In this test, the mucus is spread over a glass slide and allowed to dry. The material is then heated over a flame (alcohol lamp) for approximately 1 min. The slide is viewed against the light. Light or dark brown indicates a lack of crystallization and denote early follicular phase or luteal phase mucus; a transparent color is consistent with the preovulatory crystallization pattern.


Tests based on chemical contents of cervical mucus

Cervical mucus consists of 92–95% water. Inorganic salts in the mucus amount to 1%, of which the principal constituent is sodium chloride. Traces of potassium, magnesium, calcium, copper, phosphates, sulfates, and bicarbonate are also present. Low-molecular organic compounds present include free simple sugars (glucose, maltose, mannose), amino acids, proteins, enzymes such as alkaline phosphatase, esterase, aminopeptidase, amylase, and certain components of fibrinolytic enzymes. Cervical mucin, a carbohydrate-rich glycoprotein, is the most important constituent of cervical mucus. Most of the physical and biological characteristics of cervical secretion are due to mucin. In the search for a simple method for ovulation detection, many tests have been devised based on the determination of various constituents of cervical mucus.


Protein constituents

Soluble proteins such as albumin, α1-antitrypsin, and immunoglobulins (Ig) A and G show a significant decrease immediately before, or simultaneously with, the time of ovulation. Mucins exhibit a marked increase in cervical mucus at this time.34 Current methods for determining these proteins are not as yet of clinical value.





Many enzymes have been identified in human cervical mucus. Most of them show a cyclic pattern, so their determination may prove to be of value in timing ovulation. These include muramidase (lysozyme), α-amylase, alkaline phosphatase, aminopeptidase, esterase, lactate dehydrogenase, and guaiacol peroxidase. The concentration of many of these enzymes is high during the follicular phase and decreases precipitously prior to ovulation.42, 43 On the day after the LH surge, there is a significant and sudden increase in the concentration of these enzymes, which is sustained during the luteal phase.


Determination of some of these enzymes is simple enough to be of clinical value and merits further investigation.


Sodium chloride, sialic acid, and volume

A positive fern test that appears when midcycle cervical mucus is left to dry on a glass slide depends on the crystallization of sodium chloride in the presence of biological fluids containing optimal amounts of certain organic substances. The sialic acid concentration also decreases during the proliferative phase of the cycle, reaching a trough at ovulation, and increases after ovulation.44


The volume of cervical mucus increases significantly at midcycle.44 Based on this principle, Ursula and Schumacher45 developed the ovumeter, a modified syringe that is inserted deep into the vagina, near the cervix, and then filled. Ovulation can be predicted by charting the fluid volume aspirated versus the day of the cycle and applying an algorithm. Reported accuracy is approximately 75%, and the cost is minimal.


Potential difficulties exist with all techniques requiring self-sampling of cervical mucus because of an absence of an effective device for mucus collection, the inability of some women to sample their own cervical mucus, and biologic variability.33


Endometrial biopsy

Endometrial secretory activity during the luteal phase is usually indicative of ovulation and corpus luteum formation. Dating of an endometrial biopsy, when performed by an experienced observer, is reliable within 1–2 days but is only of retrospective value. A good correlation has been observed between corpus luteum and endometrial dates and the time of BBT nadir, estradiol peak, and midcycle surge of LH.46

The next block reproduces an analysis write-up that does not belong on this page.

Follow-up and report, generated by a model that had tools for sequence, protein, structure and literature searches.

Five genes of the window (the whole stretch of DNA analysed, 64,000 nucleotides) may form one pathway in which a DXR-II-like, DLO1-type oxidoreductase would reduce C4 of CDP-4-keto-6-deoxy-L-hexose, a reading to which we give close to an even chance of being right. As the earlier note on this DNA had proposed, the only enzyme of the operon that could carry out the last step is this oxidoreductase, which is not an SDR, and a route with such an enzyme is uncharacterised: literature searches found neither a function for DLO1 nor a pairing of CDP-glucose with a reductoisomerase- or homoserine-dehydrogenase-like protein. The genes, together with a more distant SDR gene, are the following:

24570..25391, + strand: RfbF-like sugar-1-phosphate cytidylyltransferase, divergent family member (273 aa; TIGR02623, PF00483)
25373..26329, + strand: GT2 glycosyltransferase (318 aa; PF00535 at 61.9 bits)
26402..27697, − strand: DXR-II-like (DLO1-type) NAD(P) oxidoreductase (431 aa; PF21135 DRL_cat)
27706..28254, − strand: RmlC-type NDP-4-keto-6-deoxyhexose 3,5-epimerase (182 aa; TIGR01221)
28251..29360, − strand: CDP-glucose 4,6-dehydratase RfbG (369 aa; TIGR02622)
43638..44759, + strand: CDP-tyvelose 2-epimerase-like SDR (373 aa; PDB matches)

Vaginal cytology

Papanicolaou described the variation in human vaginal smears during the menstrual cycle. A correlation between vaginal smear changes and the BBT curve and cyclic hormonal changes during the menstrual cycle has been established. Studies correlating variations in vaginal cytology with serum gonadotropins and progesterone and urinary estrogens and pregnanediol have shown that the karyopyknotic index of vaginal cells increases gradually to midcycle and peaks on the day after the LH surge (see Figs. 1 and 2).3 Thereafter, there is a steady decline of the index to the end of the menstrual cycle, when it reaches levels below those in the early proliferative phase. The mean peak of the index is reached 2 days after the total estrogen peak. This lag period is probably required before the vaginal epithelium responds to increased estrogenic stimulation. Because the peak of urinary estrogens precedes the LH surge by one day2, 3 and ovulation is presumed to occur within 24 h after the surge,4 it follows that the peak of the index of the vaginal cells coincides with ovulation. With the development of more sophisticated methods of ovulation detection such as urinary LH testing, this method has lost its appeal.



Saliva is readily available for sampling, both by the physician and by the patient. Many constituents of saliva have been studied and their relation to menstrual cycle and ovulation has been determined. They include proteins, amino acids, urea, mucin, sialic acid, sugars, electrolytes, citric acid, and enzymes such as amylase and alkaline phosphatase. Most of these constituents bear no precise relation to the time of ovulation. The alkaline phosphatase levels of saliva generally increase at ovulation and decrease afterwards. A technique for measuring the alkaline phosphatase level in saliva, using a paper strip indicator, has been reported but remains to be confirmed. The N-acetyl-β-d-glucosamine concentration in saliva apparently shows cyclic changes during the menstrual cycle.47